#7

Hi RSpliet - as I do not follow the global developments which you mentioned, I found your comment illuminating. If you are right, Fairphone cannot make a phone to meet future handset requirements and this is why it is stopping production. I should like to know why fairphone cannot make a handset to meet the new requirements though.

The news release by Fairphone was heavy on positivity - rightly. But I should like more comment from fairphone about what it thinks is its role in the future. I found it a weird news release in this respect as my first reaction was ‘Oh, they’re in financial trouble and have to wind up business’. If this is not the case, can they explain more?


#8

Could it be that the “weird news release” isn’t telling the whole story. See the above information from Fairphone which is giving in the first post. There it says:

and


#9

Let’s bear this in mind:

Duration of the previous product cycles:

• Delivery of FP1: final days of 2013 to spring 2015 = 16 months
• Delivery of FP2: final days of 2015 to spring 2019 = 39 months

=> There were 8 months in between FP1 and FP2


#10

Oh I’m sorry if I my writing was ambiguous. I didn’t mean to say that Fairphone B.V. cannot make a handset that keeps a customer satisfied for 4-5 years if purchased today, but rather that the Fairphone 2, as it was sold, was unlikely to keep such a promise today. I’m sure that if the FP team puts in the engineering effort and start off with today’s state-of-the-art core components (SoC, DRAM, storage), they can release a Fairphone 3 (or a Fairphone 2.1, or Fairphone XP, or whatever the name really) that will again be ready for the next 5 years ahead.


#11

Hi there,

although it’s good to hear that Fairphone 2 has sold out, this news release als leaves me a bit ‘in the dark’ as customer.
I’m still using Fairphone 1, but it is nearing the end with apps not being able to update anymore and spareparts no longer available.
If my current phone really needs to be replaced (any time now), I would like a new Fairphone which will last me five years or more. The message does not give me any clue about the timeframe of ‘next steps in product development’.

Also, I don’t feel like buying one of the last Fairphones 2, as product support is now only suggested for three more years (okay, better than others, but still… for Fairphone 1 it was also discontinued rather abruptly and unexpectedly)

What do you suggest? Should I start looking for an alternative somewhat-ethical phone?


#12

With the update to android-kitkat-4-4-4 you can still use the FP1 with lots of apps.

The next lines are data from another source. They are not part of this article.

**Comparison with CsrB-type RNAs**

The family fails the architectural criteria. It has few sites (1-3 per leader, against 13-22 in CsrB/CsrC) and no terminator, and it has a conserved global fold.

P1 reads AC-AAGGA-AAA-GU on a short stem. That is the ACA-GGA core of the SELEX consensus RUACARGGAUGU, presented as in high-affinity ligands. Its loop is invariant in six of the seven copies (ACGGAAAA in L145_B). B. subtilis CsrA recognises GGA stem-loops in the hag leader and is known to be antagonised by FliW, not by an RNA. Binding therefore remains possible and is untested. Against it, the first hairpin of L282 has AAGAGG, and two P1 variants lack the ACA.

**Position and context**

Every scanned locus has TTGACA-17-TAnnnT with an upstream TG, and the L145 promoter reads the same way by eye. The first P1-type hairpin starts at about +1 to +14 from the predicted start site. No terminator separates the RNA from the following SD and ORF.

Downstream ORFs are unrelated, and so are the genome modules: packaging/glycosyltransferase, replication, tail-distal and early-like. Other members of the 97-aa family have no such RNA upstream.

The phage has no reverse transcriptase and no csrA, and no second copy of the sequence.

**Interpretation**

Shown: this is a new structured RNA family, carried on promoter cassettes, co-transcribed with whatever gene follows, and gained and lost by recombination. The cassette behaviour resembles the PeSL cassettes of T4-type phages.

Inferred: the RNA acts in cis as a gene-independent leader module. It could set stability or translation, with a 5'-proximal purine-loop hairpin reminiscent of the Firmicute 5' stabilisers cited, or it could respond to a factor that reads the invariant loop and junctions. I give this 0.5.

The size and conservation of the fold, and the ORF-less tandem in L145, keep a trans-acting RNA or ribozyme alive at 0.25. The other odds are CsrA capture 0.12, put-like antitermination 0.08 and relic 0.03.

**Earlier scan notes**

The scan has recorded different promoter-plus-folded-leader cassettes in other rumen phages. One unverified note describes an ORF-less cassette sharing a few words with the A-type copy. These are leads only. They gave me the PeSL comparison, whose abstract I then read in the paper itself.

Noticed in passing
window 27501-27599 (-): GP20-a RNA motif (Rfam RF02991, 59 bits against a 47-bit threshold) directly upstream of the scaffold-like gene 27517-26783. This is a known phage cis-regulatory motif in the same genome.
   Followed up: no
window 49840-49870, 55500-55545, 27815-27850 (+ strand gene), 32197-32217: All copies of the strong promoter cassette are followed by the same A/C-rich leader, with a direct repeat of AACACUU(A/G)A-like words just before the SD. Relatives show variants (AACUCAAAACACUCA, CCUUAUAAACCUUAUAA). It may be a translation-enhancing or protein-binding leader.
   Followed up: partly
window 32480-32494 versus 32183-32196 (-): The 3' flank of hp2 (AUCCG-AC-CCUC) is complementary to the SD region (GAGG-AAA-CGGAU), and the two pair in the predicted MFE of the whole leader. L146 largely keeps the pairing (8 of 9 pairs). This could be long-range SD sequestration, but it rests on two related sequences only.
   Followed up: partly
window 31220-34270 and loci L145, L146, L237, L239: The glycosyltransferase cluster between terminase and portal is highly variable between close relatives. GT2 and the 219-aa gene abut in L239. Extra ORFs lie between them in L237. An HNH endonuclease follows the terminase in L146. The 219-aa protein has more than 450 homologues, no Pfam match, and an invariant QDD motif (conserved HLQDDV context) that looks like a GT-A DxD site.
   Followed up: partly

Fairphone is still selling some spare parts brand new.
As a Fairphone angel myself I have all the spare parts (not new, but secondhard) of a FP1 for repairing a broken FP1 , except of the battery. And I am not the only Angel who has spare parts.
So there no need to look for an alternative.
I trust that Fairphone 3 will be coming before the end of this year.


#13

I would also suggest updating to Android 4.4.4 like mention in the post above. For spare parts, the most fragile part is the battery. There exists a generic battery mentioned here: 🇬🇧 🇩🇪 Generic battery to replace FP1 battery (⚠️see first post for warning)
For other spare parts I would reach out to the forum/angels if needed


#14

Yes, with the current technology changes, however sensible they may be, this is best to impossible, IMHO. Chips aren’t produced with that time horizon, and software is not better. The major handset provider offer a new model every year… In that light, offering one for 4-5 years is a tough deed, and as we could see in many discussions, is also not always understood…


#15

Maybe because the core (module) which mainly keeps the handset future proof is (yet) a part that does not advance over time since it has the biggest environmental impact not being modular. If this could be done different also keeping modularity in focus the entire handset could serve for much longer.

Anyway with the FP2 as my first ever smart phone I have made quite a satisfying experience and never regreted my decision. But to mention, I did not upgrade to Android 7. So I am staying tuned what’s next on their schedule.
It looks positive for me purchasing another product from FP.


#16

I will not buy such an old phone. I am trying to keep my 3 year old phone running while waiting for the new Fairphone 3. I hope all this waiting is worth it because I almost bought a phone 6 months ago.


#17

This is, of course, environmentally the best thing you can do anyway :wink: .


#18

I guess I can stop hoping for an improved translucent case now :smiley:


#19

Total Number of Fairphone devices produced/sold?

Thanks, I’m curious :slight_smile:


#20

Exactly. I was very much hoping that the “next” FP would be a FP2 with a new core module, so that I would be able to keep all the other parts. Additionally, the fact that the core module is not advanced appears to be the most common reason against buying a FP. Therefore, I think designing a FP such that the core module can be upgraded would be the most logical step for the future.


#21

150+ k customers
23,000 Fairphone 2s sold